• Abstract: Publication date: Available online 14 October 2019Source: Composite StructuresAuthor(s): Peng Zhang, Yaoqi Feng, Tinh Quoc Bui, Xiaofei Hu, Weian Yao A numerical computational framework that combines a phase field model (PFM) and cohesive element (CE) for modelling progressive failure in composite material is proposed. In this setting, cracks in single material and the interface are captured separately by using the PFM and CE. A unified PFM that incorporates general cohesive softening laws is adopted for quasi-brittle fracture process. An energy split scheme is used to prevent material cracking under compressive state. The irreversibility of the damage evolution is enforced by introducing a history related energy density. The compatibility issue between the CE and PFM is considered for accurately capturing complicated failure mechanisms in composite. The developed approach is implemented into commercial software ABAQUS through user-defined subroutine element (UEL). Validation is made by modelling an experiment on delamination migration of a cross ply composite. Failure mechanisms including delamination, matrix crack, and location of delamination migration that observed in the experiment are all well captured. Moreover, the importance of considering the compatibility between CE and other numerical methods is discussed through a complementary modelling.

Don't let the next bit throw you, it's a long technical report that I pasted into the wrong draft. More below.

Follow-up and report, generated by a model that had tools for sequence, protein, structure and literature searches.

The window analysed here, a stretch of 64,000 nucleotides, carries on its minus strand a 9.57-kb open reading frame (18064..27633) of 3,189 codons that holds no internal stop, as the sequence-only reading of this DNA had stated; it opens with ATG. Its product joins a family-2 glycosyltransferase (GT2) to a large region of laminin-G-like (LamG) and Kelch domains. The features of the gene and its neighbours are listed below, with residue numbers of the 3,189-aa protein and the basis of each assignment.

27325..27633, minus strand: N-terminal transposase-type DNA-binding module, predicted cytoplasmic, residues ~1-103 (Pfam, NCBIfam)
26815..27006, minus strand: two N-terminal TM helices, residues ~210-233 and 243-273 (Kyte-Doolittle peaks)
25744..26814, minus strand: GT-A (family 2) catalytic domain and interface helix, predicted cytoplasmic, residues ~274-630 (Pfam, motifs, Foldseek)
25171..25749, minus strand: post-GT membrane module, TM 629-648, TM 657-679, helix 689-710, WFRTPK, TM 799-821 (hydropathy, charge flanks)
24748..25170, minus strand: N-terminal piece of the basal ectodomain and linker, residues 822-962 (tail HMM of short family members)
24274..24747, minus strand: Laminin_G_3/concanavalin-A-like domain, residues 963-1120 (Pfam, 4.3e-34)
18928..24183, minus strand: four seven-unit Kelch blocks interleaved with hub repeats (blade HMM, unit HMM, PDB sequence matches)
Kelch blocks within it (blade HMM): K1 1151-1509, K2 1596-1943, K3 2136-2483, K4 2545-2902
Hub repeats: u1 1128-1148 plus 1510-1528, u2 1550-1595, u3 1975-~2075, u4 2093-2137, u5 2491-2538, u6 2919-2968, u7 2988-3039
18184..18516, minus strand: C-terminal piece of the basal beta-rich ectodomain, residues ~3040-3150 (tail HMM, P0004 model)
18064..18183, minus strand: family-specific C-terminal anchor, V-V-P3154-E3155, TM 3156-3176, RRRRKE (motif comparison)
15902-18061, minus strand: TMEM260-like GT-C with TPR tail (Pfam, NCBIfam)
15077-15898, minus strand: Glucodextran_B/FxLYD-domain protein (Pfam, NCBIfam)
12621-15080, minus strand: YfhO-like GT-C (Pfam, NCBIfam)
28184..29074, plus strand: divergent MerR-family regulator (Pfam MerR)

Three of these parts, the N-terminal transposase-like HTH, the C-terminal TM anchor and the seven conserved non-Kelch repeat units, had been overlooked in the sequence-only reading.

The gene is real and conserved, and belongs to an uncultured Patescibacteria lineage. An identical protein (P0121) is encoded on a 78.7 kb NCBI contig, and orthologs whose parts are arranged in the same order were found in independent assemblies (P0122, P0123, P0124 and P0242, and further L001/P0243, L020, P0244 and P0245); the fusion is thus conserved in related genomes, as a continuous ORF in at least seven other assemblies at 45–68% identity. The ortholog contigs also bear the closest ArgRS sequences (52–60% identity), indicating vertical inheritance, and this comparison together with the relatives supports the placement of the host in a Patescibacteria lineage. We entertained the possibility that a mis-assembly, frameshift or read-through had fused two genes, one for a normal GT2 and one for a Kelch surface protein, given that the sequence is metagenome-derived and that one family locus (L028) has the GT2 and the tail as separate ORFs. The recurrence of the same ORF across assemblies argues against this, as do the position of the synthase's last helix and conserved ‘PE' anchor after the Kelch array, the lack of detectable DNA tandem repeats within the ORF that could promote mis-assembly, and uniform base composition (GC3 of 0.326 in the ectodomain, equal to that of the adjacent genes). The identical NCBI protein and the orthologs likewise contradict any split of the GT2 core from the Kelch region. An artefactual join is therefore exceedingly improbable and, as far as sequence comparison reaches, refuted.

• Carbon/Glass hybrid composite laminates in vinylester resin: bending and
           low velocity impact tests